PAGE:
On their 2015 release, You’re Better Than This, Pile stepped away from their usual anxious sound for one track. “Mr. Fish” was instead a song that balanced a subdued vocal and guitar performance against their frenetic live-off-the-floor quality. It was by far the standout of a very good record, and a promise of what was to come from the Boston band.
Now it’s 2017 and they’ve delivered on that promise.
A Hairshirt of Purpose is Pile operating really well on a number of levels. They’ve managed to maintain the feeling of persistent anxiety, but also find space for sadness, sentimentality, and reflection in these tracks. What they’ve created is rock music for adults, as opposed to emotionally stunted rock music made by emotionally stunted adults.
The juxtaposition between these extremes is present from the first track, “Worms”. The album’s motif, a speedy drum roll that occurs a number of times throughout Hairshirt, opens the track like a palpitating heart beat. Then it cuts suddenly and we wade into a wash of chorus-covered guitar, and a plea from singer Rick Maguire: “I would never dream of blaming it on you, so please don’t ask me to stay any longer, anymore.” While it doesn’t fit the standard mould of pop-music heartbreak, this is undoubtedly a break-up record at its core. Even the instrumental track is called “I Don’t Want to Do This Anymore.”
While Hairshirt does lapse into pure dirge or pure rocker on some tracks, the album really shines when it combines all its emotional weight into the same song. “Rope’s Length” speeds up and slows down, builds and crashes, goes dark and light, all in the span of one track. “Leaning On A Wheel” starts with the perfectly distilled line, “Getting in our own way”, and moves patiently until it swells for the final third. These songs are dense and demanding of a listener, and thus don’t work as background music, but with each pass of the record, Hairshirt rewards in new ways.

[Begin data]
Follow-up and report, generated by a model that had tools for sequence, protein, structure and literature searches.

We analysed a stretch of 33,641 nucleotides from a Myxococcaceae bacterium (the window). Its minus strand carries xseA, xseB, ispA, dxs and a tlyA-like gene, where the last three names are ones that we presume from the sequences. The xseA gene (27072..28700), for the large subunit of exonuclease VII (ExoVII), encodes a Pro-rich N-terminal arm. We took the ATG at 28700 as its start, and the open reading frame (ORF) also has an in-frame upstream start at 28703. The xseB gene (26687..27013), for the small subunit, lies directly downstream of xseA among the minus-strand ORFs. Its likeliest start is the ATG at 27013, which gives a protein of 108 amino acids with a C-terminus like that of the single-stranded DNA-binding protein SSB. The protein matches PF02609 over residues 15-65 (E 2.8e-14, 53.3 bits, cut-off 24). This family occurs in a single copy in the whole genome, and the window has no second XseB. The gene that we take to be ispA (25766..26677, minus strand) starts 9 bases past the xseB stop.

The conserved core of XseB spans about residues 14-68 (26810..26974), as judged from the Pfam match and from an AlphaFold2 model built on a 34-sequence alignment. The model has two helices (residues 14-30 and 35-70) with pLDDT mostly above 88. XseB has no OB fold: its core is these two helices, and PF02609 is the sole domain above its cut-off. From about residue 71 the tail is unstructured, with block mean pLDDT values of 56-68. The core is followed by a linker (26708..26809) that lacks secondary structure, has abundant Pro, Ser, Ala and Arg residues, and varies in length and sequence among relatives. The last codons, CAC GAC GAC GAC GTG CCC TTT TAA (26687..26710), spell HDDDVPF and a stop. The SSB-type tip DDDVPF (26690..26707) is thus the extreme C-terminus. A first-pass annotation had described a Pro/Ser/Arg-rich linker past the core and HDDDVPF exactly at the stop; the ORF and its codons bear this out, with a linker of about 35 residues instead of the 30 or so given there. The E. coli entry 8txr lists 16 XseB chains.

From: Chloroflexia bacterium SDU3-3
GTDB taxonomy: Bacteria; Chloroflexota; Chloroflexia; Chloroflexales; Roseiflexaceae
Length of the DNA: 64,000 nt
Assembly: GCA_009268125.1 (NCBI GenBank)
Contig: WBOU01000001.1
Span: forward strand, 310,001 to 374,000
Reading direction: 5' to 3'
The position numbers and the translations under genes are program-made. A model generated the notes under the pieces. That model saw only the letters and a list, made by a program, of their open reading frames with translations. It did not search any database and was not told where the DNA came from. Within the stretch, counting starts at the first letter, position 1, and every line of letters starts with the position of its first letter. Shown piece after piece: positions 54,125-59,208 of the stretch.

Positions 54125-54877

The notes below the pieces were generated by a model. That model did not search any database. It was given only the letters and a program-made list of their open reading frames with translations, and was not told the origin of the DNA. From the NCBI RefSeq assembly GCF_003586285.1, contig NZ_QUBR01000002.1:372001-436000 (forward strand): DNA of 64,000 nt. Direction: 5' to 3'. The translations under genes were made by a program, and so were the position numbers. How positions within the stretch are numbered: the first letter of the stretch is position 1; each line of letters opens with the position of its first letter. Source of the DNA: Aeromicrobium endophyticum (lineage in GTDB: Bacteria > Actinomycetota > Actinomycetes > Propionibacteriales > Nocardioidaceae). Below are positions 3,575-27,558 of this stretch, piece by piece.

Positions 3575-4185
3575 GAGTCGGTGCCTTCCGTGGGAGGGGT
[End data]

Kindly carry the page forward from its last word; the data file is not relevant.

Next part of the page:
Nowhere is this more true than the album’s standout track, “Dogs”. It’s no exaggeration to say I have listened to this song hundreds of times over the last month or so. In the span of four and a half minutes, it expresses the anxiety, anger, sadness, and exhaustion of a dying romance: “Then I pretend to sleep. I’d rather on the ground than in your bed. I’ll sleep on the lawn or stay up instead.” In early performances of “Dogs”, Maguire sang, “There’s a deep well of hatred and greed.” Tellingly, by the time it made it to record, all that’s left is, “There’s a deep well that seems mostly empty.” Whatever he thought the romance was, it wasn’t. Whatever passion he thought they shared, he realized they didn’t. The song perfectly encapsulates that feeling when a relationship is gone, the extreme tiredness with occasional flashes of emotion that ultimately fade.
And that’s one of the things that puzzles me, and pleases me, about this record. When most bands make a “tired” album, it sounds glum and awful (see my illustrious colleague’s review for an example). Pile manage to keep the album intense, often propulsive, and never let it feel “phoned in”. They are operating at full capacity even if the music and lyrics suggest they are hurting. It sounds like the kind of tired I am, or the kind of tired I aspire to be.
A hairshirt is a garment worn to seek penance. Coarse cloth and animal hair and mud and sticks and whatever else are all fused together and worn against the chest to cause chafing and discomfort. It’s the equivalent of tattooing the name of someone you hurt on your ankle so you’d have to see it every day. Pile’s A Hairshirt of Purpose serves a very similar function. It’s an unflinching portrait of the end of a romance, the actual end, past all the anger and fighting, when all that’s left is the lingering glow from loving something you will never again have.
It’s a challenging record, but it’s a beaut. Go buy it from Bandcamp or wherever else.